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Attainment Agenda Not The Enemy of Quality, But The Friend of Affordability

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I confess. I was an early adopter of the attainment agenda.

What we once called "student success initiatives" evolved into the current attainment agenda. And, thankfully, we now have governmental agencies, higher education organizations, leading foundations and presidents across the country joining together for collective impact on higher education attainment rates in our country.

Recently, though, some dedicated academics have started to question the attainment agenda movement because certain people are pushing the agenda too far. For example, the New York Times reports that Governors in Texas and Florida have challenged their public colleges to deliver a bachelor's degree for $10,000, which is less than a third of the price of tuition and fees at the average public institution.

Some of my academic friends are worried that they, too, will be asked to sacrifice quality to increase affordability.

I share these concerns about sacrificing quality. If institutions sacrifice quality to decrease costs, they will decrease their potential to attract and retain students. In the long run, sacrificing quality to increase affordability just won't work. We have to increase affordability in other ways.

The attainment agenda also has some academics worried that we will be asked to sacrifice rigor and academic standards in order to promote retention and graduation rates. I don't share these concerns. In my view, the only universities that would need to sacrifice rigor and academic standards in order to adopt a new focus on higher retention rates are those for whom the primary cause of student attrition is academic failure.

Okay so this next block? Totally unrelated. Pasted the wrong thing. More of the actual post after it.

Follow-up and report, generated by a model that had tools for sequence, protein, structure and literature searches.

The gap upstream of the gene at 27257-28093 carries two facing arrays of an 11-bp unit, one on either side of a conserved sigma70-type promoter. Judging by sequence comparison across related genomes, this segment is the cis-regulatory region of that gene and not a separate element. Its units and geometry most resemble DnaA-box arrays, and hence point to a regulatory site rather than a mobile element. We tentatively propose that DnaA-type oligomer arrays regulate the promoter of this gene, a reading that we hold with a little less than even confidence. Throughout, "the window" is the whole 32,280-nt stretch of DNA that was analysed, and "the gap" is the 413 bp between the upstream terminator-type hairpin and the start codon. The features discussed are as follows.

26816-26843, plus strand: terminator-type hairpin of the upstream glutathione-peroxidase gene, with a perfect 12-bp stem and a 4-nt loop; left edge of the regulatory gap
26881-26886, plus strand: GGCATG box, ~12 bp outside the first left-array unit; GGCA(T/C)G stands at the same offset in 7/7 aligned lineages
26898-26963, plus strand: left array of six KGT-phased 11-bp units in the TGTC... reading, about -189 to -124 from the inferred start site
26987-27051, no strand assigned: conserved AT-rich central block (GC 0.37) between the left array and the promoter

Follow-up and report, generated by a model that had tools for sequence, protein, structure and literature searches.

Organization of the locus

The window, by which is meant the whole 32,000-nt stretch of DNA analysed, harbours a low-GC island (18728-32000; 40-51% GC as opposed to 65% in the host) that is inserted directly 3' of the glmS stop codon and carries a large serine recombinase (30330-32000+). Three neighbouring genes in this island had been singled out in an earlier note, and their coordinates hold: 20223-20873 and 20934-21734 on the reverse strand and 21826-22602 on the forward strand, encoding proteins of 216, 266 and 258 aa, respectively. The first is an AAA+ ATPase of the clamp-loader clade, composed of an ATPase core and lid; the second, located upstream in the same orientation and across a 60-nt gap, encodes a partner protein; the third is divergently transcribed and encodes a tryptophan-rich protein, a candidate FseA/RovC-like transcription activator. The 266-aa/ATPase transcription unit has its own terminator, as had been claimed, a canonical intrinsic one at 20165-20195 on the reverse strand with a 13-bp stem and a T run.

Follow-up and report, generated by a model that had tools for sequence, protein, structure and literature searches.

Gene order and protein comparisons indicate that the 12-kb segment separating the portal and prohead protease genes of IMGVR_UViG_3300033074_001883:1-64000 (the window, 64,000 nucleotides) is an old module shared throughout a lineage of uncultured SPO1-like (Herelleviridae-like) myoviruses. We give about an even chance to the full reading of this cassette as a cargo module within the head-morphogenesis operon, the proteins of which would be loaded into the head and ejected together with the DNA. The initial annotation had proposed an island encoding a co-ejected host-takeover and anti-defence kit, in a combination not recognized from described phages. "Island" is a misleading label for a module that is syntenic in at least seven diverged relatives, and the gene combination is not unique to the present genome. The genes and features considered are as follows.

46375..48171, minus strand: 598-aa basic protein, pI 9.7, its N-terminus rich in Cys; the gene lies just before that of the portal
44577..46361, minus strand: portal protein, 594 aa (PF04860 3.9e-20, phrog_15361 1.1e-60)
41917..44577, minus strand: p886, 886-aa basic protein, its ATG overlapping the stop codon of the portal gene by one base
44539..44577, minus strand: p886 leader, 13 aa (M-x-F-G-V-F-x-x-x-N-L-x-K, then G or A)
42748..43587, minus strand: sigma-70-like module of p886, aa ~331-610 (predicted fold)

I have checked available data and asked around a lot, and I have not identified a single institution whose attrition percentage is substantially composed of students who are academically ineligible to return.

Instead, I have found that most other institutions are a lot like my own. At Winthrop -- an institution consistently ranked as one of the Top 10 Master's universities in the South -- only 5.3% (61) of our fall 2012 first-time students were suspended at the end of spring 2013. However, 22.7% (260) were academically eligible to return for fall 2013 but chose not to.

I regret that we lost 61 students for academic reasons. I worry about how much of that was due to student effort, student ability or our effort and ability to help them succeed, despite a strong set of student success programs.

However, most of my focus is on the 260 students who chose not to return. Our 72% freshmen-to-sophomore retention rate is higher than the 66.8% national average for public universities, in large part because we follow best practices for student engagement and academic success programs. But, our rate can and should be higher, and that prompts us to consider why students leave.

Surveys show that the #1 reason students don't return to our university -- and probably most universities like ours -- has little to do with their choices. The majority of the students who "choose" not to return report that they simply cannot afford to stay in school.

That is a loss of human potential we should not abide.

Promoting the next level of progress for improving retention rates and degree attainment will require an unprecedented focus on increasing affordability using a three-pronged effort:

First, we must implore our friends in the Legislature to restore state funding based on the impact our programs provide.

Second, we must adopt administrative efficiencies and otherwise work to reduce our "expense per student FTE" and reduce students' "time to degree," while also supporting salary increases, instructional and student engagement programs, and quality across the board.

Third, we must offer additional need-based scholarships.

If we are truly dedicated to promoting access to high-quality education regardless of socio-economic class, then the attainment goal isn't the enemy of quality. Instead, the attainment goal is actually our friend - the motivating factor for us to steadfastly maintain quality and galvanize our efforts to cultivate more need-based financial aid for our students.